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But the drive bore no bear sightings.

It was time to explore on foot.

Bear spray in hand, we walked the short Trout Lake Trail, which, aside from an unexpected encounter with a bull bison crossing our path, proved motionless — yet picturesque. I’ll admit however, that at this point, I had become cognizant of my now brazen quest to find a grizzly, and to compensate, I started to sing as we walked along the tall grass, lest we run into a surprised bear on the trail.


Through the lens

By this time, my hopes had dissipated. Bitter, I clambered back into our Chevy Tahoe, almost disregarding the handful of people stationed with telescopes along the road that twisted through Lamar Valley. I had seen enough people camped out with lenses the last few days to know that most of the time, they were just zooming in to view herds of bison or waiting at dusk for wolf packs. Finally, my curiosity and final vestige of faith compelled me to stop and ask. What were they so intently looking at?!



Up, on a hilltop, miles away and hundreds of yards up high, was a male grizzly, who had apparently scared off a sow and her two cubs. One of the viewers allowed me to look through his lens and, if I squinted just a bit, I could see was a small blob of brownish black on the hillside that I could make out as a bear: there it was,  feeding, head lowered and digging into roots, the marked hump of its shoulder blades jutting above its form!

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This sighting was enough for me to feel that I had seen a grizzly in Yellowstone, but not entirely enough to satiate my bear fixation. Thankfully, and to the relief of my husband and friends, who had become weary of my inexhaustible hunger to see bears, an hour later we came across a black bear that caused a wildlife jam in the park.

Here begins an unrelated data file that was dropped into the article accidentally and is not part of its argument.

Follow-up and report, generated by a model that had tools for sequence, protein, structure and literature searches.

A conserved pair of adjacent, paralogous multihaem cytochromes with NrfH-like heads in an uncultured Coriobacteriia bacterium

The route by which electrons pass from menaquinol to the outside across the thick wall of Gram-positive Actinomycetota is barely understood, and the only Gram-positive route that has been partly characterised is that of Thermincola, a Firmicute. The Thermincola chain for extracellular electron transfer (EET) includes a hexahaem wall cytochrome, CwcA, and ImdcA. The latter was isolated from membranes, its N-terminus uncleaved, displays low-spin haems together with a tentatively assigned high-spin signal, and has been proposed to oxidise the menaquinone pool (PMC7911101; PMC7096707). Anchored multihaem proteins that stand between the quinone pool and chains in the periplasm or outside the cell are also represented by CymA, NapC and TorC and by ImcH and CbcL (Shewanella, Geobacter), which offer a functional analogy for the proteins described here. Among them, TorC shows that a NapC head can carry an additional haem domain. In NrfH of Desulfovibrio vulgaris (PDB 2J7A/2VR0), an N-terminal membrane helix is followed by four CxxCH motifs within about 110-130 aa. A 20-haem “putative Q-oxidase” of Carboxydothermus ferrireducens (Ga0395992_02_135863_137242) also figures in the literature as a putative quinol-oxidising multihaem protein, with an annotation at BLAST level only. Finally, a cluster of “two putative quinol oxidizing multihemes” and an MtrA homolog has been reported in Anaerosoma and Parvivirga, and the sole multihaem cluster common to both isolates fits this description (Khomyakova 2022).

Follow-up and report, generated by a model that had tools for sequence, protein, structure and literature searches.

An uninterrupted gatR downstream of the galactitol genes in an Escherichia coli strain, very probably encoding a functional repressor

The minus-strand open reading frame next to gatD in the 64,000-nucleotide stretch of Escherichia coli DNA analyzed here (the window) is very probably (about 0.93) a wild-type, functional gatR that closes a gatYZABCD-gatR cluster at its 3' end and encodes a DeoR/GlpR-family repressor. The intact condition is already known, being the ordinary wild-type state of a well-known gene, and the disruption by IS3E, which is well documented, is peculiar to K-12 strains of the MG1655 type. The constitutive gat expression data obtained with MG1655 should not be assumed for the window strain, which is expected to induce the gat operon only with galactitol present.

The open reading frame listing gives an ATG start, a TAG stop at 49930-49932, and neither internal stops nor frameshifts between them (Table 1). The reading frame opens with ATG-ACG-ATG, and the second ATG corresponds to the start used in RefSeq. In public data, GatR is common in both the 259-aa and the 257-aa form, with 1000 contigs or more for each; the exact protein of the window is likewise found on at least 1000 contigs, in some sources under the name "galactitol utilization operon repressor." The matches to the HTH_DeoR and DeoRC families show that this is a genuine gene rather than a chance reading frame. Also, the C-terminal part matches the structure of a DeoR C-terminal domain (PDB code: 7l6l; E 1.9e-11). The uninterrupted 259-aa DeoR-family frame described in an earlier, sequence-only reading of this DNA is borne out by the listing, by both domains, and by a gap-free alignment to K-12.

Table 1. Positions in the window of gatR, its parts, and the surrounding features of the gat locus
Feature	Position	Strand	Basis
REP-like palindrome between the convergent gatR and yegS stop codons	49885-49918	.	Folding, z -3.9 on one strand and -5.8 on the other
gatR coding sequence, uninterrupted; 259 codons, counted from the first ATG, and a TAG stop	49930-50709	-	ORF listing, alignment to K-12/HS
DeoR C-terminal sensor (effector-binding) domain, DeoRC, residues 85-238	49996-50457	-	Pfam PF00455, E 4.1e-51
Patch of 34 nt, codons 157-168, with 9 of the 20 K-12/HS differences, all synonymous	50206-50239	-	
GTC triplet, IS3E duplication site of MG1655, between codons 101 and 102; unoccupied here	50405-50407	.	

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Having viewed him from within 40-50 yards and having snapped a few photos, I was temporarily satisfied until my next trip out west, to Alaska…

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So you want to see bears?

Obviously, I can’t make any promises,  but I can share with you what I learned from reading about bears, trails, and my copy of Kathleen Snow’s “Taken by Bear in Yellowstone: More Than a Century of Harrowing Encounters Between Grizzlies and Humans.” The most profound — albeit, disappointing — lesson learned from reading this book is that in most cases when bears have attacked humans, there are at least two victims — both the human who was attacked, and the bear, who is most often caught and euthanized or caught and caged. Further, if it is a sow who is euthanized, her cubs are placed in captivity at places such as the Grizzly and Wolf Discovery Center, as cubs are unlikely to survive in the wild without their mothers, or back in the wild after having lived in captivity. In some cases, proper precautions were not taken as hikers ventured through bear country.